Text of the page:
Recently, I was walking from Market One toward the Quad and decided to cut through the breezeway when I saw it. I had never really noticed the handicap accessible sign before, but this one caught my eye. The sign behind Wilson featured a person leaning forward in their wheelchair, showing movement, which contrasted the old, passive wheelchair and person in the old symbol. When I investigated further, I found out that the symbol was actually part of a larger project called The Accessible Icon Project with the aims to change how we talk sand view the disability community.
The Accessible Icon Project knows that visible representation matters and the disability icon of an inactive, static person is not fully representative of the community. So they decided to create a new symbol that would challenge our cultural views of disability. They break down the symbol into five parts of how they increased activity with the icon:
1) Head is forward to indicate the forward motion of the person through space. Here the person is the “driver” or decision maker about her mobility.
2) Arm is pointing backward to suggest the dynamic mobility of a chair user, regardless of whether or not she uses her arms. Depicting the body in motion represents the symbolically active status of navigating the world.
3) By including white angled knockouts the symbol presents the wheel as being in motion. These knockouts also work for creating stencils used in spray paint application of the icon. Having just one version of the logo keeps things more consistent and allows viewers to more clearly understand intended message.
4) The human depiction in this icon is consistent with other body representations found in the ISO 7001 – DOT Pictograms. Using a different portrayal of the human body would clash with these established and widely used icons and could lead to confusion.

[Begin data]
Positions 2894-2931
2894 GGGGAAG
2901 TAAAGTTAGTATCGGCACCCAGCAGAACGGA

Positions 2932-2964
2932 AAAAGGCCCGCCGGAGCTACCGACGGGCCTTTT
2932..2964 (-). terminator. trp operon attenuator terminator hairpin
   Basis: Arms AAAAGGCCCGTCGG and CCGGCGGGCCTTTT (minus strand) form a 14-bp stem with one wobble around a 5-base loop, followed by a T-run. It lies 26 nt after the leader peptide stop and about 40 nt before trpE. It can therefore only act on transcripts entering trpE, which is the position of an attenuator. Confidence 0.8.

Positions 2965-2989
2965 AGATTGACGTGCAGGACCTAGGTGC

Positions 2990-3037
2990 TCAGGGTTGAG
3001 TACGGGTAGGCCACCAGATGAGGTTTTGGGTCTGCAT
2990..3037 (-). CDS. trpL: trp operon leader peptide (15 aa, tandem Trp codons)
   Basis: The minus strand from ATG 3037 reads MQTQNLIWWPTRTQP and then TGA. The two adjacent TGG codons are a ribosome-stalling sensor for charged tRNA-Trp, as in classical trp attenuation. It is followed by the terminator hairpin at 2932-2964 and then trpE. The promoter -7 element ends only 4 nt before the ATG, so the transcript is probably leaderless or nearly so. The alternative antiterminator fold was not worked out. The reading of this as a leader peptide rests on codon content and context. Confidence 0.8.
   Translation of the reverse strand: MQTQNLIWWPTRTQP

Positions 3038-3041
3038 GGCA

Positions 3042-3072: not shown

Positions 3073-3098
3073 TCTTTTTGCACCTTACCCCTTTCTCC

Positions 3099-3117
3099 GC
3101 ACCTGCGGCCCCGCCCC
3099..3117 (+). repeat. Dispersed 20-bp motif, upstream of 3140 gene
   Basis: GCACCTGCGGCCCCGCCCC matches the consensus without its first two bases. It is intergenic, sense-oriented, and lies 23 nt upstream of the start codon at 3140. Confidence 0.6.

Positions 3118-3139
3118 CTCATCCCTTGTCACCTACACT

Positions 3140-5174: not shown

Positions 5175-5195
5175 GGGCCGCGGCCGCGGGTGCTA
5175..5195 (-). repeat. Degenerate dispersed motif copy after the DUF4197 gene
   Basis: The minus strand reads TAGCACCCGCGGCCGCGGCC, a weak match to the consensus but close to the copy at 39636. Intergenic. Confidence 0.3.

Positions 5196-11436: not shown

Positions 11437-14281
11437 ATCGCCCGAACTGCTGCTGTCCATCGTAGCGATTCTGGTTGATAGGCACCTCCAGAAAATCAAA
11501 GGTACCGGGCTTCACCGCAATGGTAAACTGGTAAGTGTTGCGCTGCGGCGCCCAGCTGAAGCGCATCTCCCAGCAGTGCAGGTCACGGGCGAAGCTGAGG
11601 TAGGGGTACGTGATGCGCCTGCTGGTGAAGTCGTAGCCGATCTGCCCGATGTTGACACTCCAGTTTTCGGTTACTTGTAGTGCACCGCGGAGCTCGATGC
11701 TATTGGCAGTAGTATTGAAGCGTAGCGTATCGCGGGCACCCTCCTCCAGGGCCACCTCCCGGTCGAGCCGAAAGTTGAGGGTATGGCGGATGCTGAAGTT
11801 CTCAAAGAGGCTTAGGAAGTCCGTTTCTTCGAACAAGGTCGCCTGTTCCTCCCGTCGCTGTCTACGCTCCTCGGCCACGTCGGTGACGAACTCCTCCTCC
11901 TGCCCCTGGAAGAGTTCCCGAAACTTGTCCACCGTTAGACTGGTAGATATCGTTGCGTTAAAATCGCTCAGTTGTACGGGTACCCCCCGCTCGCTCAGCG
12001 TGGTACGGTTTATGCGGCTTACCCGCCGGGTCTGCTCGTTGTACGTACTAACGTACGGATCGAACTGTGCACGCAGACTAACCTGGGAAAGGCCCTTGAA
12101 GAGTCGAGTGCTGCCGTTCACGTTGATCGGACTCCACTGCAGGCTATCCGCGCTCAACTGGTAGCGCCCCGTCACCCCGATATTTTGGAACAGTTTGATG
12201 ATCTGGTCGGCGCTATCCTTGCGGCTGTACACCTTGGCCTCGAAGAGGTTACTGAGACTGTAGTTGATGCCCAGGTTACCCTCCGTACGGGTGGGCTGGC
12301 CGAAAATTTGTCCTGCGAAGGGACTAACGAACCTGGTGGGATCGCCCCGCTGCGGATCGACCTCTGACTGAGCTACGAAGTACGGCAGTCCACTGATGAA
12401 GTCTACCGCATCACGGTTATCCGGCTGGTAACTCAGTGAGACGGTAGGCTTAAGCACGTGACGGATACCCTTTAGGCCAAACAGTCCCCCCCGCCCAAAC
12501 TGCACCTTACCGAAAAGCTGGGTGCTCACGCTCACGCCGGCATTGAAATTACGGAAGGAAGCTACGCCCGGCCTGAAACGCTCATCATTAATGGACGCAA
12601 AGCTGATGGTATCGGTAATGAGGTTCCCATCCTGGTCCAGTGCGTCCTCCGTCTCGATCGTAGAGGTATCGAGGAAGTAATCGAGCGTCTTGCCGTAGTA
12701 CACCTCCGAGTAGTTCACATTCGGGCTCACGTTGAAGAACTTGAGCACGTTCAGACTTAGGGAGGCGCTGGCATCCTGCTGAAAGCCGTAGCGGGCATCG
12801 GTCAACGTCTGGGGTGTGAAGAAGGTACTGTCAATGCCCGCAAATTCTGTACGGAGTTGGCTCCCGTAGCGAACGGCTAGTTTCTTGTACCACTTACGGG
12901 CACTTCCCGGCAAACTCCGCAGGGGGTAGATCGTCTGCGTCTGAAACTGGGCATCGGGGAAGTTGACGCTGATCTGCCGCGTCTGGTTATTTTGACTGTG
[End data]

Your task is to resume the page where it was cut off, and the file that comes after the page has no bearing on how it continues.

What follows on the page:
5) The leg has been moved forward to allow for more space between it and the wheel, which allows for better readability and cleaner application of icon as a stencil.
Artist Sara Hendron and collaborator Brian Glenney explains the symbol started as “guerilla art” where they would stick transparent stickers of the new symbol over old ones. The original goal for the project was to just being a dialogue about perceptions of disability, and it has done that and more. The revamped symbol is ADA compliant and is spreading across the country with it being adapted by businesses, universities, and full cities. It has become a metaphor for self- determination and self- reliance the disability community often has removed from them. Disability has become politically invisible, and feminism often excludes those who have a disability from the conversation. The icon is important for us to consider and really think about the way we talk/ think/ or perceive disability.
I know on this campus we have few conversations on disability and little visibility of it. Many people claim they don’t talk about it because they don’t encounter it- so why should it matter? It matters because while the JMU bubble may face issues of diversity for some group’s inclusion does not mean those same groups don’t exist in the real world. The Accessible Icon Project echoes this idea and asks for people to change, advocate, and share the new icon in order to challenge stereotypes of the disability community.
CHANGE: You can use our products or resources to change your signs.
ADVOCATE: We have resources for involving your community in disability advocacy.
SHARE: We’d love to hear from you. The icon is a starting place—a seed for conversations about accessibility, inclusion, and disability rights.
Events that were part of JMU’s Disability Awareness Week this past week and increased visibility of disability in the media are necessary in order for us to challenge our perceptions of the world and see there is more to disability than meets the eye.